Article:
Intensifying its war against chronic high inflation, the Federal Reserve raised its key interest rate on Wednesday by three-quarters of a large point for the third time in a row, an aggressive pace that raises the risk of an eventual recession.
The Fed’s move boosted the benchmark short-term interest rate, which affects many consumer and business loans, to a range of 3% to 3.25%, the highest level since early 2008. Policy makers also indicated that by early 2023, they expect more Rates raised much higher than expected in June.
The central bank’s action followed a government report last week Shows rising costs spread more widely through the economyWith the exacerbation of the rises in the prices of rents and other services despite the easing of some of the previous factors of inflation, such as gas prices. By raising borrowing rates, the Federal Reserve makes it more expensive to obtain a mortgage, car or business loan. Consumers and businesses are then supposed to borrow and spend less, cooling the economy and slowing inflation.
Fed officials said they are seeking a “soft landing,” in which they can slow growth enough to tame inflation but not so much as to trigger a recession. Increasingly, however, economists say they believe sharp rate increases by the Fed will, over time, lead to job cuts, increased unemployment, and a full-blown recession late this year or early next.
President Jerome Powell admitted this in a speech last month Fed moves ‘will bring some pain’ For families and businesses. He added that the central bank’s commitment to reduce inflation to the 2% target was “unconditional”.
Lower gas prices slightly lowered headline inflation, which was still a painful 8.3% in August compared to a year earlier. Lower gas prices may have contributed to the recent spike in President Biden’s public approval ratings, which Democrats hope will bolster their expectations in the November midterm elections.
Short-term rates at the level the Fed now imagines would make a recession more likely next year by sharply raising the costs of mortgages, auto loans and business loans. The economy has not seen rates as high as the Fed expects since before the 2008 financial crisis. Last week, the average fixed-rate mortgage rate exceeded 6%, its highest level in 14 years. Credit card borrowing costs are at their highest level since 1996, according to Bankrate.com.
Inflation now appears increasingly to be fueled by rising wages and consumers’ steady desire to spend, and to a lesser extent by the lack of supplies that crippled the economy during the pandemic recession. Despite this, Biden said Sunday on CBS’ “60 Minutes” that he believes an easy landing for the economy is still possible, suggesting that his recent energy and health care administration legislation will lower drug and health care prices.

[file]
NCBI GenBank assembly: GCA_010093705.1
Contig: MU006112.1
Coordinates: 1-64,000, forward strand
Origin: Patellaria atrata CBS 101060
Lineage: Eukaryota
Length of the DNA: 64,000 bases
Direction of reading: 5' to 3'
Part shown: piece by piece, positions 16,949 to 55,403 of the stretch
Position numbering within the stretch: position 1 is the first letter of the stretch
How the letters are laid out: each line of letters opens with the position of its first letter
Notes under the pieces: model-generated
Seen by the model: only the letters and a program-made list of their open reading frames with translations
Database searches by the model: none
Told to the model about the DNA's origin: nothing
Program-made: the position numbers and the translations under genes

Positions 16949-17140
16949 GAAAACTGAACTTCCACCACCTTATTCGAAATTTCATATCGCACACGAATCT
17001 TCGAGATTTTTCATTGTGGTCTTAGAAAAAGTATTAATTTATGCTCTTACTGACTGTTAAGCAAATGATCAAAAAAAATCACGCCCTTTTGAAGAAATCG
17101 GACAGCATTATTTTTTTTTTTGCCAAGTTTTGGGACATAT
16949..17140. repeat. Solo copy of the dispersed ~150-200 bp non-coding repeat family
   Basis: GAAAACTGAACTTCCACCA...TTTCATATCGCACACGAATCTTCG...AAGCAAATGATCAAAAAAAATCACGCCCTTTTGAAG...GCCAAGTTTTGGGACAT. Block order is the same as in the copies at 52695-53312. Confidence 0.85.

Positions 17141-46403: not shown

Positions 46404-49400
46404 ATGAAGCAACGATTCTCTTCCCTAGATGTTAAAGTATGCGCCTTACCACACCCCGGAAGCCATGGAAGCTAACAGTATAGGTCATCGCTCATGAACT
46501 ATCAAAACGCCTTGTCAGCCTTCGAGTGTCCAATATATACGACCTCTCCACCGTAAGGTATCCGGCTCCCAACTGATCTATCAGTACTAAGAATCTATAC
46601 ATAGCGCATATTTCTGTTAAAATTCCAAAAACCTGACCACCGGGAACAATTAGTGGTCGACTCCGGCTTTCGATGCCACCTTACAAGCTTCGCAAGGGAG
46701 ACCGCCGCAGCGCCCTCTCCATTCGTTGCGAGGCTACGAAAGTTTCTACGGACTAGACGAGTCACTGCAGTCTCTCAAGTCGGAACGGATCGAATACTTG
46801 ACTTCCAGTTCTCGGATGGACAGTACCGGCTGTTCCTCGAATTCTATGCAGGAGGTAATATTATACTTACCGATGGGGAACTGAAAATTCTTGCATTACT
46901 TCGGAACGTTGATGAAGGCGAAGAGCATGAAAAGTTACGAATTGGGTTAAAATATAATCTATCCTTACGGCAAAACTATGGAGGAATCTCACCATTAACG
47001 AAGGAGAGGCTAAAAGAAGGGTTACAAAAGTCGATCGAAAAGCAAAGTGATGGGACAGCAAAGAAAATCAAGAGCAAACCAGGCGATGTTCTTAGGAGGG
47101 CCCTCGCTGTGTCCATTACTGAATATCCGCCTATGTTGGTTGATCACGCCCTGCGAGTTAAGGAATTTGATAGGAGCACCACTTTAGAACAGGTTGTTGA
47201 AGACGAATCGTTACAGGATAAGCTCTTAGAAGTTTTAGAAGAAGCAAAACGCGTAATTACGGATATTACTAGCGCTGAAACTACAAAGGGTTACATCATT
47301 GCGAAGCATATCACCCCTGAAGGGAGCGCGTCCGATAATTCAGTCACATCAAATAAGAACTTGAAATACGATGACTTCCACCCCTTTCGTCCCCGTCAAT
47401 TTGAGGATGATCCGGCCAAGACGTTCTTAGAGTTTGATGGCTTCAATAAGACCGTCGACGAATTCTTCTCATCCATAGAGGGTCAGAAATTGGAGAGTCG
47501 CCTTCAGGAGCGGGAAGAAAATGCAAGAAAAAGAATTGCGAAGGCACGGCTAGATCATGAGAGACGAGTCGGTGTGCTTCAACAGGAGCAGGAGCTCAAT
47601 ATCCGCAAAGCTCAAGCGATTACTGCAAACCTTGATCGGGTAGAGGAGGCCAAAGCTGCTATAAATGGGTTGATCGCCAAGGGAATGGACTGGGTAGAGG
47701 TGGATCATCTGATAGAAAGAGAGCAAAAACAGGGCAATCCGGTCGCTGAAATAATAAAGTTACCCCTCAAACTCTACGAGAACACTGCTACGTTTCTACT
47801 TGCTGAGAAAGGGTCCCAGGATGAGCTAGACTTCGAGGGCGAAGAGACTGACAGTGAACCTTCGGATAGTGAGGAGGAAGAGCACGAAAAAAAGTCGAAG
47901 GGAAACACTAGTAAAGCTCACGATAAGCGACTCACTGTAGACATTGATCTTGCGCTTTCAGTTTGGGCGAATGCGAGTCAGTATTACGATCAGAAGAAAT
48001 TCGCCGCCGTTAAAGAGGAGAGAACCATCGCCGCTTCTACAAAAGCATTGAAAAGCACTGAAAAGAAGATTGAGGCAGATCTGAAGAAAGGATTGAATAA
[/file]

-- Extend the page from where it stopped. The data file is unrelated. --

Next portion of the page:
Some economists are beginning to worry that rapid increases in federal interest rates – the fastest since the early 1980s – will do too much economic damage to tame inflation. Mike Konzal, an economist at the Roosevelt Institute, has noted that the economy is already slowing and that wage increases – the main driver of inflation – are stabilizing and some measures are falling.
Surveys also show that Americans expect inflation to drop dramatically over the next five years. This is an important trend because inflation expectations can be self-fulfilling: if people expect inflation to fall, some will feel less pressure to speed up their purchases. Less spending would help moderate price increases.
Konczal said there is an argument to be made for the Fed to slow rate hikes over the next two meetings.
“Given the cold coming,” he said, “you don’t want to rush into this.”
Rapid interest rate increases by the Federal Reserve mirror the steps other major central banks are taking, contributing to concerns about a possible global recession. Last week, the European Central Bank raised its benchmark interest rate by three-quarters of a percentage point. The Bank of England, the Reserve Bank of Australia and the Bank of Canada have all raised interest rates significantly in recent weeks.
And in China, the world’s second-largest economy, growth is already suffering from repeated government shutdowns of the coronavirus. If a recession engulfs most of the big economies, it could derail the US economy as well.
Even with the Fed’s accelerating rate of rate hikes, some economists – and some Fed officials – argue that they have not yet raised rates to a level that will constrain borrowing and spending and slow growth.
Many economists seem convinced that large-scale layoffs will be necessary to slow price increases. Research published earlier this month sponsored by the Brookings Institution concluded that unemployment may have to rise to 7.5% to bring inflation back to the Fed’s 2% target.
Only a severe deflation would reduce wage growth and consumer spending enough to cool inflation, according to research by Johns Hopkins University economist Lawrence Ball and two economists at the International Monetary Fund.